The Joup Friday Album: David Bowie – Black Tie White Noise

Black tie white noiseThis month it’s been two years since David Bowie left this Earth for parts unknown, and in honor I wanted to step in and cover Sonny on the Friday Album for a week so I could commemorate one of my favorite human being’s passing with ‘a very special edition of The Joup Friday Album. Sonny will be back next week, in the meantime let’s slide into the weekend together with an oft-neglected, sometimes maligned entry in Mr. Bowie’s catalogue. Ladies and Gentlemen, I give you the Joup Friday Album: David Bowie’s Black Tie White Noise!

Shortly before David Bowie found a new niche by reinventing himself with the influence of the industrial music ‘revolution’ that moved from the underground trenches of Chicago’s Wax Trax into the mainstream when NIN’s ‘Closer’ burst into the mainstream – and what a weird f*&king single that was to storm the charts in the early 90s – David Bowie released his first collaboration with Nile Rodgers since Let’s Dance. When folks comb back through Bowie’s catalogue, this is often one of the records they skip; there’s a slightly dated, sometimes smaltzy sound to some of the songs because, like so many albums from the late 80s/early 90s, as they age, the fledgling synthesizers technology they employ fails to stand the test of time. You know, those forced horn-hit sounds, or the gated orchestral string samples – the tech just got better and left these textures behind. And perhaps looking back the obvious question for some would be why the iconic David Bowie, the man who put together one of the greatest Rock n Roll bands ever (Ziggy) or the man who worked with sonic pioneer electronic musician Brian Eno, or the man who reinvented himself over and over for the ages, why he would ever want to work in the realm of transient synthesizer faire to begin with. Well, the answer, according to Nile Rodgers, is:

“We both basically missed the same element, with what was happening with the new R&B, which is now hip-hop and house, and what we were missing was the strong melodic content that was apparent in the ’60s. I wanted to see if we could establish a new kind of melodic form of house.”1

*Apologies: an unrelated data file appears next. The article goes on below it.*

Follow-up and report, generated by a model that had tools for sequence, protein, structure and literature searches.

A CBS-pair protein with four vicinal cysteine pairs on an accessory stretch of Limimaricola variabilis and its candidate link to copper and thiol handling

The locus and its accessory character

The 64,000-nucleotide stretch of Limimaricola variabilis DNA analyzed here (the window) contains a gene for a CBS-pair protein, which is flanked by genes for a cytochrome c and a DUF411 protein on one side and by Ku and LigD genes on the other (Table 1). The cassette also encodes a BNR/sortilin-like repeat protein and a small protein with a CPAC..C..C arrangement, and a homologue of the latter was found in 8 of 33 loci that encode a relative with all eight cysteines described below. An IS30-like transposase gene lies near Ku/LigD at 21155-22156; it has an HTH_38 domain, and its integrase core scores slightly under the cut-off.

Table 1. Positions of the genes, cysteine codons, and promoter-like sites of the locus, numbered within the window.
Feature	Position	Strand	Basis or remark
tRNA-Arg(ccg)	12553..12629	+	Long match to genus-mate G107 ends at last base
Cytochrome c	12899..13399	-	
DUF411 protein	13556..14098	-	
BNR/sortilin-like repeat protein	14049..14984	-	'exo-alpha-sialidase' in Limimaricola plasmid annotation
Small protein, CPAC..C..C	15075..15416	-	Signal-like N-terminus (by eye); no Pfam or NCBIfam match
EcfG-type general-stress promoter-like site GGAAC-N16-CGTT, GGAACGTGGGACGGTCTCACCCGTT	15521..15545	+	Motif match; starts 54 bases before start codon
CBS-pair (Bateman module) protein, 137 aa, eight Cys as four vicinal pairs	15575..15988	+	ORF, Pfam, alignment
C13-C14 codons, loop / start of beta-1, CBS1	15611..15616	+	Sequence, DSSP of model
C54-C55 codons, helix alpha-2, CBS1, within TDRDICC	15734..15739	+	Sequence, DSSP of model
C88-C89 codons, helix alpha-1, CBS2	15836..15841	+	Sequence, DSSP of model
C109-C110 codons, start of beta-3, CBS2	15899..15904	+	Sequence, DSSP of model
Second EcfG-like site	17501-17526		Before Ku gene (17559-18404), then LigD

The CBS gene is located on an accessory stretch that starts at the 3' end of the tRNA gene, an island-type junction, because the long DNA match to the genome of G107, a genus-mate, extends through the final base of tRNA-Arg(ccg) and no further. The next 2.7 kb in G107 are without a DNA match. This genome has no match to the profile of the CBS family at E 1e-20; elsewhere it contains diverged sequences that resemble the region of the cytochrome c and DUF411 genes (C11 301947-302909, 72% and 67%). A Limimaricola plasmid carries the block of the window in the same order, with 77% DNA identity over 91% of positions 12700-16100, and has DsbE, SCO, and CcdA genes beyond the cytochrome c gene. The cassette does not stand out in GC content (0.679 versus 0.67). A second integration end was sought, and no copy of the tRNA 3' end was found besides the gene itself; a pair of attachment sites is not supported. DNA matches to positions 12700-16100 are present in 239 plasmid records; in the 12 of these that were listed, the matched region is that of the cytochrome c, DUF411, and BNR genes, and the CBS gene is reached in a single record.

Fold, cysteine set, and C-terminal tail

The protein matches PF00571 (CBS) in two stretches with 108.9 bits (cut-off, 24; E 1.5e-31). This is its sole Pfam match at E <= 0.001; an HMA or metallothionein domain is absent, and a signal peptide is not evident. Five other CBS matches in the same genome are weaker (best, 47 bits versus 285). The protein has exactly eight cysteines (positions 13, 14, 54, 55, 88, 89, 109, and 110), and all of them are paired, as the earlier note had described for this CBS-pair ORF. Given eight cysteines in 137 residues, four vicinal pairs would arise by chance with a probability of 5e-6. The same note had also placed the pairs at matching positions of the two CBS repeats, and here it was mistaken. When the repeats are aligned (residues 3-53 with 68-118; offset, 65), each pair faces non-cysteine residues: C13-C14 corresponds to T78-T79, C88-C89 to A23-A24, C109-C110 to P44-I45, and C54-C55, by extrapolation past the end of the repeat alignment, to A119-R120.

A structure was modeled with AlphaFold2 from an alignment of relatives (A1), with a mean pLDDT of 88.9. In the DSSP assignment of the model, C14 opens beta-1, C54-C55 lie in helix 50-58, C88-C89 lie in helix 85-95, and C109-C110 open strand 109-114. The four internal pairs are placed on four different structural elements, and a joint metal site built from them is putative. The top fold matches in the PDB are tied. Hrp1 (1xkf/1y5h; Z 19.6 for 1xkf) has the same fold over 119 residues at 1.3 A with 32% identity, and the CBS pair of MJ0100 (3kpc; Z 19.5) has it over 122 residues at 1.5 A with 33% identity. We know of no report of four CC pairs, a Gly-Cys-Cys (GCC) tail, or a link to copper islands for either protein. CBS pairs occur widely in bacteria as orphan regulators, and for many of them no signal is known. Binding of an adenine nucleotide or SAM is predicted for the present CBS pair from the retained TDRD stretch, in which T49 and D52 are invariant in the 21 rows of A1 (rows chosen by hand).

And that makes all the difference to me, knowing that Bowie was trying to work within a modern style and improve it with what he felt was lacking. However, this is something I had to read about to understand. The main attraction for me when I first heard Black Tie White Noise was the fact that Bowie plays saxophone on a lot of the songs on the album. When I first realized this, it blew me away. Goddamn would I have loved to see David Bowie play the sax live. I mean, that would just blow my mind.

The single off the record, Jump They Say, is one of my favorite Bowie tracks, and it helped unlock the rest of the record for me. And it’s only been within the last few years that I’ve come to appreciate some of that 80s/90s R&B – I still use that word loosely and for lack of a better descriptor – and the main figure in that old scene I gravitate toward is Al B. Sure! – an artist whose work the Shawn in 1988 would have recoiled from. Go figure then that Bowie recruited Mr. B. Sure! for a duet on Black Tie White Noise, track 4.

Enjoy folks!

Back to you Sonny!


1. Sullivan, Jim (12 April 1993), “New wife, new album keep David Bowie in fine spirits”, The Boston Globe, by way of the wikipedia article here.

Shawn C Baker

Shawn C Baker

Shawn lives in Los Angeles where he co-hosts Drinking w/ Comics, writes screenplays and fiction and has been known to drink quite a bit of beer. Good beer.

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